As these threats represent a very difficult area of operation, new Center of Excellence for Countering Hybrid Threats was established and came into force in July 2017 with appointed head of the center Matti Saarelainen, Doctor of Social Science. As Jori Aryonen, Chair of the Steering Board of the Centre says, hybrid threats have become an important part of the European security environment, and the purpose of the center is to respond properly to this situation. In September 2017, 12 participating countries, the EU and NATO took part in a seminar while defining the main strategy for this year. It was followed by an official inauguration of the center in October 2017.
However, cyber security is not only about protection of information. It is also essential to manage the appropriate flow of information. To do so, EU institutions, national entities and NATO need to use the right type of language through which they can discuss and inform experts as well as public and to make the information understandable across different social structures. Through small steps cyber experts and institutions can gain credibility, not through huge steps that are overestimated or misperceived. It must be done step by step to ensure properness of the decisions.
EU and NATO cooperation
Cyber security is also necessary in order to maintain and protect military and defense capabilities, soldiers and military technologies. Abuse of the information and data on these matters can cause unpredictable and very critical damage with a high impact throughout the whole society.
The other sphere where cyber security plays important role is public transport and telecommunication. Two important questions were raised several times during the conferences: whether the public transport is resistant against these attacks to withstand them? What are the main gaps? It was emphasized that telecommunication networks and public transport must be analyzed and tested for a potential vulnerability to cyber-attacks. Furthermore, cyber-attacks represent a crucial danger also in terms of medical devices and hospitals.
As already mentioned, cyber security and protection of society and cyber environment against any form of attack is not only about strategies, capabilities, but also about research and innovation. This area represents one of the most crucial parts of cyber security. Experts, national entities and institutions must consider the fact that it is needed to “build bridges” across different communities, from IT, politicians to military communities and individuals. European institutions and state authorities must ensure that there is a proper harmonization of norms and rules, trainings and cooperation to limit any gaps or misperceptions.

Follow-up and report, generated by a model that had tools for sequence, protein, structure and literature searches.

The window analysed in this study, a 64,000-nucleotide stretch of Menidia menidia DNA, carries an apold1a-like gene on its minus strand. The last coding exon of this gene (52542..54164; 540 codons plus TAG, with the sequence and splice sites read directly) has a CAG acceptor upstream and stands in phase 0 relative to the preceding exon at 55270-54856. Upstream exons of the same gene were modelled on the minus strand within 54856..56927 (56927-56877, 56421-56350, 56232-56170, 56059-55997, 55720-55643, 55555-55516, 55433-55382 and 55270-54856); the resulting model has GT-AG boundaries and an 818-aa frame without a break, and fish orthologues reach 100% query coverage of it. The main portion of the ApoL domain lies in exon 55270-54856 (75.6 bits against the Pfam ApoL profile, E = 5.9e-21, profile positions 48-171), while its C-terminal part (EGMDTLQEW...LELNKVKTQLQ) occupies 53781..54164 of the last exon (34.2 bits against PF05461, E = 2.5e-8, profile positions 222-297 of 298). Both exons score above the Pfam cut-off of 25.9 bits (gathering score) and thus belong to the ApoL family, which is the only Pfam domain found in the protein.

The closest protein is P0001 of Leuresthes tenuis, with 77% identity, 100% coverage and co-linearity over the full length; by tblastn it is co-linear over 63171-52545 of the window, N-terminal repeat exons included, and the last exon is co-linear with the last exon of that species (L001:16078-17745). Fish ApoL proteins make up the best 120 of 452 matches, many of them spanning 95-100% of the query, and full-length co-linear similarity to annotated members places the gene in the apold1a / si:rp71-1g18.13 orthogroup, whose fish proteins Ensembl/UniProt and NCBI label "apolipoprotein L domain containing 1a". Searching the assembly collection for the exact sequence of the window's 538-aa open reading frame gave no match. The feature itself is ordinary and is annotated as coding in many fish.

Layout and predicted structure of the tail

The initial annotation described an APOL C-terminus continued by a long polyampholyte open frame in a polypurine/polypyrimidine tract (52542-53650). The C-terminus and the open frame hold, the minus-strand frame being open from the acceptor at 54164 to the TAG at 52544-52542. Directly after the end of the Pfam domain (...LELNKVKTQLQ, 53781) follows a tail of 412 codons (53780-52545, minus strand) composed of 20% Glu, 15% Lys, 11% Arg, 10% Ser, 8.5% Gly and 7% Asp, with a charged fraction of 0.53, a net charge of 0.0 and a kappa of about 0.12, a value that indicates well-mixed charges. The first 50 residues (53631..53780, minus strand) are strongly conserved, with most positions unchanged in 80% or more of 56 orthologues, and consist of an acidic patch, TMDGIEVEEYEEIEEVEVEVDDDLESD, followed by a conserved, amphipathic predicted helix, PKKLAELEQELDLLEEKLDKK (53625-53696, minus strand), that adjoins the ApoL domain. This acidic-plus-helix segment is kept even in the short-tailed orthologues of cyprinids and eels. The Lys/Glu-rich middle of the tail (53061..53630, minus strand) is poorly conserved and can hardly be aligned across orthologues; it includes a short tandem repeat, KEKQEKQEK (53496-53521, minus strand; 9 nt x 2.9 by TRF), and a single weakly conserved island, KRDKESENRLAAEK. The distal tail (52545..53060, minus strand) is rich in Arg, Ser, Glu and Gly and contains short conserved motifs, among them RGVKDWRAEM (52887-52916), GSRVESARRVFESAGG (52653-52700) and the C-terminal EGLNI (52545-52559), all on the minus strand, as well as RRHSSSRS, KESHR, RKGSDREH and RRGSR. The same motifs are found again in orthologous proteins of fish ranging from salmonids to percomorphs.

Furthermore, mutual recognition and cooperation between EU and NATO playsa very important role in securing the cyber sector. However, it should focus not only on European or state level. The cyber security should come from the bottom up processes. Everyone must be aware of how to protect their devices to eliminate any chance of a cyber-attack. NATO Centre of Excellence for cyber threats represents a place where this approach is analyzed and implicated. It provides education for leaders and specialist from NATO and partner states, service for a proper development, improvements for unifying standards or research. In Tallinn, the European Cyber-security Research and Competence Centre is a next step towards greater cooperation. The main purpose is to develop tools and technology needed to keep up with still changing environment and cyber security as such.
During several years we have seen how easy it is to attack and hack individuals’ e-mail accounts or bank accounts. It is caused by the increase of digitalization of society, making all spheres of one’s life online and easily accessible. Even though this digitalization has had several benefits and advantages, one risk is obvious – anyone can attack anytime and anywhere.
Cyber space is quickly transforming and being flexible is crucial to keep up with both allies and enemies. Cyber conferences, cyber exercises and newly adopted strategies that are being initiated by member states of the EU are clear signs that cyber threats have been taken seriously. Once theory will be put into practice, we will be able to discuss successes and failures in this area. For now, we can only say that European Union is taking promising steps in the cyber security sector.
In particular, the Czech Republic has been one of three countries which implemented specific law related to cyber-security,and established The National Cyber and Information Security Agency and other related institutions. From the legislative and institutional perspective, the Czech Republic is ready to secure the cyberspace, with the key process being the implementation of norms and measures within the public sector, but also in the business sphere. Up to day experience have shown that private sector is better prepared for a potential cyber-attack than institutions in public sector.
Written by Tereza Novotná and Tímea Miková